But, whereas in humans the focus of assisted reproductive technology (ART) is on producing a baby, amongst wildlife conservationists the focus is on the much more basic aim of simply understanding the fundamentals of reproduction in different species.
In an invited lecture, Dr David Wildt, a world leader in animal reproductive biology, will tell the conference that it is vital to wildlife conservation that specialists from a wide variety of disciplines work together.
"The most valuable contribution of reproductive science and ART to conserving endangered animals is the powerful ability to help us understand fundamental reproductive mechanisms in a variety of species," says Dr Wildt, head of the Department of Reproductive Sciences at the Smithsonian's National Zoological Park and its Conservation and Research Center, US. "However, genuine conservation is achieved only when the reproductive knowledge and technologies are integrated with other disciplines in multi-dimensional management programmes. Conservation is like an enormous jigsaw puzzle with lots of pieces. ART is only one piece, so with ART alone one could hardly complete the puzzle and contribute to conservation. What makes our field so different (and fun) is the need to work with other disciplines. For example, in our studies of giant pandas, we work closely with veterinarians, behaviourists, nutritionists, pathologists, population biologists and geneticists, and that is only on the captive side. In the wild, we integrate our work with experts in ecology, landscape management, geographical information systems and even environmental education."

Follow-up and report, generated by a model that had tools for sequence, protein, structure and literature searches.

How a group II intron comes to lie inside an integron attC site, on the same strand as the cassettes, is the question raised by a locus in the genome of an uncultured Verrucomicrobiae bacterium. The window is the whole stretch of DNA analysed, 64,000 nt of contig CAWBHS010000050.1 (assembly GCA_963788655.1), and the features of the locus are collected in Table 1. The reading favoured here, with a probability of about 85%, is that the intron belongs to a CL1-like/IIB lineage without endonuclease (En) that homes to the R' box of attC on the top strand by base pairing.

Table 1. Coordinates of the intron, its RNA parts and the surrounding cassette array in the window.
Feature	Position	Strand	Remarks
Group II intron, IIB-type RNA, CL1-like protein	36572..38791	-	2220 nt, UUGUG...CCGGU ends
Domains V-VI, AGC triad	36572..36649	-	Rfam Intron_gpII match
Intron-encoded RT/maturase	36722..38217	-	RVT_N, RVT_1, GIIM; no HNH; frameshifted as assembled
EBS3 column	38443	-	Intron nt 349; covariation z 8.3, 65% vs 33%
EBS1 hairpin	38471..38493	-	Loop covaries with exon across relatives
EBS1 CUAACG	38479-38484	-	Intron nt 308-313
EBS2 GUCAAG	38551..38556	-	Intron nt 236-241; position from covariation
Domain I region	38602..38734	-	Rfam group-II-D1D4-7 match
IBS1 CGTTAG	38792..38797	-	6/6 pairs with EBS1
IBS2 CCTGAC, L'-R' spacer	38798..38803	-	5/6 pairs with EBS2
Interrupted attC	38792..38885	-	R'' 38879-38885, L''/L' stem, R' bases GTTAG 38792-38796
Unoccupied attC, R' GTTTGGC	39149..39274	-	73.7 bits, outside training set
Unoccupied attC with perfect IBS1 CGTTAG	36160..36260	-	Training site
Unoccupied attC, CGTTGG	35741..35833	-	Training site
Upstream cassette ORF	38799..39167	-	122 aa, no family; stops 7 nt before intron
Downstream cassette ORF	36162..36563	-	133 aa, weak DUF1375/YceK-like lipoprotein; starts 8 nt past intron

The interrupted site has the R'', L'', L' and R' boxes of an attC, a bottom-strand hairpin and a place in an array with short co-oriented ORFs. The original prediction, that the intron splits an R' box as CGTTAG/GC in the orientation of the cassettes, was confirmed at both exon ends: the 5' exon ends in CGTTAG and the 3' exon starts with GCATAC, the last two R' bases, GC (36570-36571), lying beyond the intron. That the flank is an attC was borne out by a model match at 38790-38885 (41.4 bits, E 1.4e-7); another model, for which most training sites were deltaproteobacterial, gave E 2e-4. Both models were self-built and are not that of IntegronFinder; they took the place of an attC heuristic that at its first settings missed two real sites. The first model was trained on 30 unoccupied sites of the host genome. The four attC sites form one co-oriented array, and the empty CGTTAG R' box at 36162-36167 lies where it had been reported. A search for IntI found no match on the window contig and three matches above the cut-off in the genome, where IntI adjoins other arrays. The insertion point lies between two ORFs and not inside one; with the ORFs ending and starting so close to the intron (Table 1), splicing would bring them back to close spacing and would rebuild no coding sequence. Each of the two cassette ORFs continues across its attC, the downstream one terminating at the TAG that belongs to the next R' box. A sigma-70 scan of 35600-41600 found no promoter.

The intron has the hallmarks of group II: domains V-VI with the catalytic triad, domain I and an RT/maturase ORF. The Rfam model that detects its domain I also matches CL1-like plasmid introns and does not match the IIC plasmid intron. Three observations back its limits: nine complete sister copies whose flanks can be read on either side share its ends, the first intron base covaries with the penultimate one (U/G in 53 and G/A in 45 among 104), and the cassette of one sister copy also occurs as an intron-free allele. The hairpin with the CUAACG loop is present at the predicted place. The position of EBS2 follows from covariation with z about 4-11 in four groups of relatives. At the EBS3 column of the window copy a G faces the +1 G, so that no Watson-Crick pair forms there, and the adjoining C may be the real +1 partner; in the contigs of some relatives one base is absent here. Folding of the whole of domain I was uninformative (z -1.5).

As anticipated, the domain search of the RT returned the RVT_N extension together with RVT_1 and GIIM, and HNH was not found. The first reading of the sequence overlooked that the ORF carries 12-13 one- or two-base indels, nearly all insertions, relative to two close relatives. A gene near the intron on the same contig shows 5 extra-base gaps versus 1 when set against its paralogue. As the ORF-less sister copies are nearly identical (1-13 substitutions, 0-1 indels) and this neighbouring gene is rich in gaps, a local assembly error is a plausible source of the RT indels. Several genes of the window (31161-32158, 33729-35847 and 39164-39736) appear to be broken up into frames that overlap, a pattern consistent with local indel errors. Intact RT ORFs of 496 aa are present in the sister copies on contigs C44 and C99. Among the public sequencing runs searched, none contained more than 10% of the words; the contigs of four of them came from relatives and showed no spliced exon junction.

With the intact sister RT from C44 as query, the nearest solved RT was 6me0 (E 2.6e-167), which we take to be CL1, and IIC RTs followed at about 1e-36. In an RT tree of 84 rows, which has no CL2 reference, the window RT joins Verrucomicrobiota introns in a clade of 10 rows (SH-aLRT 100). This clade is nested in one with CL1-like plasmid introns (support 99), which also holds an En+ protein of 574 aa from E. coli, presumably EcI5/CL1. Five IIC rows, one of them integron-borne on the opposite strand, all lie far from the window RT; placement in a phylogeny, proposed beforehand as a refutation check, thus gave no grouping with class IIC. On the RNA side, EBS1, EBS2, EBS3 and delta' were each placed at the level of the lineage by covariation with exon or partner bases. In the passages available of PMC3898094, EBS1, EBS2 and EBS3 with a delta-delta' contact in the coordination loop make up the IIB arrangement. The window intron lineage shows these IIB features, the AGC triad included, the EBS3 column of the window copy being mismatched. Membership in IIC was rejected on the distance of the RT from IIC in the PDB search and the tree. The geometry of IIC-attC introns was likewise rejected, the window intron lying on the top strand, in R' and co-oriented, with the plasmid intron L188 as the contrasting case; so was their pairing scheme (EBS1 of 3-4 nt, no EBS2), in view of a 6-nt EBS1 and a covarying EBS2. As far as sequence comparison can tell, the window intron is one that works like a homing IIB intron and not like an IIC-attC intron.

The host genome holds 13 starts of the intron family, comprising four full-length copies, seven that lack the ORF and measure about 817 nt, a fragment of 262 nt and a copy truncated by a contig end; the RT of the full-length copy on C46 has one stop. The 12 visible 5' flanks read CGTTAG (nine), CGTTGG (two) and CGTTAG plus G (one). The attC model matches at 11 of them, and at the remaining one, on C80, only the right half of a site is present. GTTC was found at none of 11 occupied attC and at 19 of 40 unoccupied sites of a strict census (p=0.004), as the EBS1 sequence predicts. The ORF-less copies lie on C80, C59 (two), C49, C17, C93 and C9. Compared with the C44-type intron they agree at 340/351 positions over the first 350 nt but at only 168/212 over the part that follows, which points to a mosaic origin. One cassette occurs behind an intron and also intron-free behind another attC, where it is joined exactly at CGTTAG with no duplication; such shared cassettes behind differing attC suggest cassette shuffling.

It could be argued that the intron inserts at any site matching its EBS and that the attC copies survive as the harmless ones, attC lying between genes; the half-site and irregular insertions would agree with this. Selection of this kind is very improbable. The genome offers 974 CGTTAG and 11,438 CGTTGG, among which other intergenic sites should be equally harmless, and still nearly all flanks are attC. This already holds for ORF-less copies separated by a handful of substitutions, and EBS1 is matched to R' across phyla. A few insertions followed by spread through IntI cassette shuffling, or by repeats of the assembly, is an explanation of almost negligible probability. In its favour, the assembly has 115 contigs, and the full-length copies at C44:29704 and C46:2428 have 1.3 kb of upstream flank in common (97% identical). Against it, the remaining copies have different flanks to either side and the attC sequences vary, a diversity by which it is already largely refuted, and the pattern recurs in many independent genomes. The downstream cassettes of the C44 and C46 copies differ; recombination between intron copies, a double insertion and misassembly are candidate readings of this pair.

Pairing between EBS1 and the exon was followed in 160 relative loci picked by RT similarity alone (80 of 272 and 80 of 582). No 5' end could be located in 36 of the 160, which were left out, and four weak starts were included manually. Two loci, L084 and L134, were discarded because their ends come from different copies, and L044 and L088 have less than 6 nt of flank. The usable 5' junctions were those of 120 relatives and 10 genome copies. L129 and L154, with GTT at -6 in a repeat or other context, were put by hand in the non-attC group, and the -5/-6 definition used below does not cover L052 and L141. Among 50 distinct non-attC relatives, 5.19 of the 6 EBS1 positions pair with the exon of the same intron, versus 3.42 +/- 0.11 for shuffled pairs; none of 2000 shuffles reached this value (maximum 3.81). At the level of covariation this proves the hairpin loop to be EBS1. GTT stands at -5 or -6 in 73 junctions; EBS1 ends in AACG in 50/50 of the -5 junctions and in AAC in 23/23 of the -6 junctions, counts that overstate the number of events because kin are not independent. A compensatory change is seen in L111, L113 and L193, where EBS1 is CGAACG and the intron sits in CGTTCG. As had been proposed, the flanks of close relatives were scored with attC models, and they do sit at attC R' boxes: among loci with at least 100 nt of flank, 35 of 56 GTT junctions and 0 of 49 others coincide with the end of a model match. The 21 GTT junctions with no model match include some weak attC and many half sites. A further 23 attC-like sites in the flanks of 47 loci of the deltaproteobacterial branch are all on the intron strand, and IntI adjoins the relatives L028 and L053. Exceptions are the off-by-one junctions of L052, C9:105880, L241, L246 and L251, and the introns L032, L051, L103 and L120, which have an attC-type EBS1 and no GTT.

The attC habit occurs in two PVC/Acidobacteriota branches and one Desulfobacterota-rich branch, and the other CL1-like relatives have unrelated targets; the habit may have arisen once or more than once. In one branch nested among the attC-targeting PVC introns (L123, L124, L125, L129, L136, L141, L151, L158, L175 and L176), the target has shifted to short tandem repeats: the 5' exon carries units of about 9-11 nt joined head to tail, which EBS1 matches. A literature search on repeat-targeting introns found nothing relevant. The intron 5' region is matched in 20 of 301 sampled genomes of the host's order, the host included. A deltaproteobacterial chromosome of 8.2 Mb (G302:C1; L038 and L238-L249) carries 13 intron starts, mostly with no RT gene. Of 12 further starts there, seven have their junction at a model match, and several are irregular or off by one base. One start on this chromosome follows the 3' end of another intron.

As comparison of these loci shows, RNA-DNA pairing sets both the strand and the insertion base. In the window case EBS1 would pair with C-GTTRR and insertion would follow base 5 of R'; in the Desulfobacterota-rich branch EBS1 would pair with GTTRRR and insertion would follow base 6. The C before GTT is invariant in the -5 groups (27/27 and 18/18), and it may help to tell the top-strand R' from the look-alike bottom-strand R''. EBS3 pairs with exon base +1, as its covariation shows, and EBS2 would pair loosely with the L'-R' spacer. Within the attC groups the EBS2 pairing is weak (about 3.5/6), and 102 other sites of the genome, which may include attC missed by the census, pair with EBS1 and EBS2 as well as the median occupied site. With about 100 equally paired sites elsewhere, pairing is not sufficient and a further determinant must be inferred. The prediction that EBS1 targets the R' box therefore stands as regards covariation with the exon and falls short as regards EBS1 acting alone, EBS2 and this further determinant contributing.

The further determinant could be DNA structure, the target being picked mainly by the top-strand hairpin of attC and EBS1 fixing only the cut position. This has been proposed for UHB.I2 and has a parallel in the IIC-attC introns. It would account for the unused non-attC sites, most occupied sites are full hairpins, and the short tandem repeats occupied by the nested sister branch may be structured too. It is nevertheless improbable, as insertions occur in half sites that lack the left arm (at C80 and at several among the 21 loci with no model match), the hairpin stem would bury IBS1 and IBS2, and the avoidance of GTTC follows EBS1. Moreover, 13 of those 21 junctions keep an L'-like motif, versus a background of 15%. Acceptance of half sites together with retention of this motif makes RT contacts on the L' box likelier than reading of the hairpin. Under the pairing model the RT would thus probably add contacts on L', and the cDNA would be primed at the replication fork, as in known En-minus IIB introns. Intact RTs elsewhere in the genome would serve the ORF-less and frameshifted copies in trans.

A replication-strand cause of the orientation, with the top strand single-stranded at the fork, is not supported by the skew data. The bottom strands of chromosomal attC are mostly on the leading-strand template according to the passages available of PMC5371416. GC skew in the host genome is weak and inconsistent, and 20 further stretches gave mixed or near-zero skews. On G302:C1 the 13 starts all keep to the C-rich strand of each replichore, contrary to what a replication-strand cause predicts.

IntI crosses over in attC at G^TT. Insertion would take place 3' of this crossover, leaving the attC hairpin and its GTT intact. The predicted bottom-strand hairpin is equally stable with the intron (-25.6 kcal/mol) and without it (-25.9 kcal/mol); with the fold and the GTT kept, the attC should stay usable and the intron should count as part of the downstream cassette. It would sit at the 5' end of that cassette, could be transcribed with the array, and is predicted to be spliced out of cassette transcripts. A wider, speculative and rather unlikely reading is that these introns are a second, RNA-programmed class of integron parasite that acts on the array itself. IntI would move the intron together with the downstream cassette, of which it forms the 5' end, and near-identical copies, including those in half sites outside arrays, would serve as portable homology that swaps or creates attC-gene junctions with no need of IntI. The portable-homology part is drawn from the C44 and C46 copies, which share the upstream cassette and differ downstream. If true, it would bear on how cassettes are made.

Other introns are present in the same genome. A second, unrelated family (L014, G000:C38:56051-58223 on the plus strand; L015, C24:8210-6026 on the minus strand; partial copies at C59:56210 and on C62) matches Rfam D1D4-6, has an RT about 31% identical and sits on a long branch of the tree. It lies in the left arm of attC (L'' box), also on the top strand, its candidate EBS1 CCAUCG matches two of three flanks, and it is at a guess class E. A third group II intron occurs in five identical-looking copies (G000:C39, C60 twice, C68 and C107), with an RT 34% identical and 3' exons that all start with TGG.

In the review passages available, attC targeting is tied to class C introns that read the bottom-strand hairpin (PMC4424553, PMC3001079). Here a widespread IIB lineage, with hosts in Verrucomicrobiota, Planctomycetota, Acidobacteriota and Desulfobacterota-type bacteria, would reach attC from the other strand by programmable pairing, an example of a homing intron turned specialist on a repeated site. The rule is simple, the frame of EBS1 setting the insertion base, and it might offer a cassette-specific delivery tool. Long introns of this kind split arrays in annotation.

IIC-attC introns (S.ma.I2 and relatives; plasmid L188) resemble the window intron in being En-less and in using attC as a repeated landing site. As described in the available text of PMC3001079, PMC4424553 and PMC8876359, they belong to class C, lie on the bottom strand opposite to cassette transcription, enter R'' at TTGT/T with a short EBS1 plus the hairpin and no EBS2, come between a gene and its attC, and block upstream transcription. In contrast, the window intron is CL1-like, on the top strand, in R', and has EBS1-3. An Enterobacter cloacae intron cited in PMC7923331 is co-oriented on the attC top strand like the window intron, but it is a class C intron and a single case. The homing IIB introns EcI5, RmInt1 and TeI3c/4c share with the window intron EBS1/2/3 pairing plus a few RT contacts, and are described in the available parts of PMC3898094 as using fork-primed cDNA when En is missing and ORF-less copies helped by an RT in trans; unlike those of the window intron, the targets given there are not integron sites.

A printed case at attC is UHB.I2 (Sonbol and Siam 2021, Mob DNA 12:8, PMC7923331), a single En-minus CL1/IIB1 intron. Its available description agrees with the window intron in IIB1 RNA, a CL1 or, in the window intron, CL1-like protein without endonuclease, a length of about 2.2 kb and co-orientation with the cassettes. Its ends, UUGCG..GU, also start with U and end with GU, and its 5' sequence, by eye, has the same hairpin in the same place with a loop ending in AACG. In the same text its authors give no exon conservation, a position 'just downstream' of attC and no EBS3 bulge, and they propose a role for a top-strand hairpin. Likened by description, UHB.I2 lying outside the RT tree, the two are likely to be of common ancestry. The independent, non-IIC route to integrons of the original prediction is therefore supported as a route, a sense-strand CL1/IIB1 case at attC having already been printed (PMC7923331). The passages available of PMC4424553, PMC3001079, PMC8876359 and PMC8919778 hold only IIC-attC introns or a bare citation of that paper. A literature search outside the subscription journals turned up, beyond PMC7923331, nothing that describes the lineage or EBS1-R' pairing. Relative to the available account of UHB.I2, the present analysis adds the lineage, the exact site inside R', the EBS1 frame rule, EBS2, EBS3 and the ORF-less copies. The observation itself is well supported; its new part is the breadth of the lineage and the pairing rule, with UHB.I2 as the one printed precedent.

Dr Wildt and his colleagues use a variety of human ART techniques in their work, ranging from artificial insemination (AI) and IVF to freezing sperm, eggs and embryos; but the challenges are very different.
"Although we have benefited greatly from those scientists who study ART in humans and domestic or laboratory animals, we face different problems and it is clear that the high tech components of the reproductive sciences are not a quick fix for enhanced reproduction in endangered species.
"First, we are working with species that are often dangerous, if not homicidal, and essentially nothing is known about their basic biology. So we often use ART for simply understanding the reproductive fundamentals of a given animal: how long is the reproductive cycle, how many sperm are produced, how do you keep sperm alive in the laboratory, etc.
"Secondly, while human technologies allow us a baseline from where to start our studies, every species is different. What might work in a human, probably might not work in a cheetah or giant panda. Even within families of species, there is huge variation. There are 37 species of cats and they all differ physiologically! So without the knowledge generated using ART tools we'll never be able to manage and conserve these species better.
"Thirdly, there is the point about genetic management. Our goal is not simply to produce an offspring, but rather, genetically valuable offspring. We are trying to avoid inbreeding depression that occurs commonly in captivity and, increasingly, in the wild. ART has huge implications for avoiding the loss of genetic diversity, by moving eggs and sperm between institutions or for breeding animals that fail to mate naturally."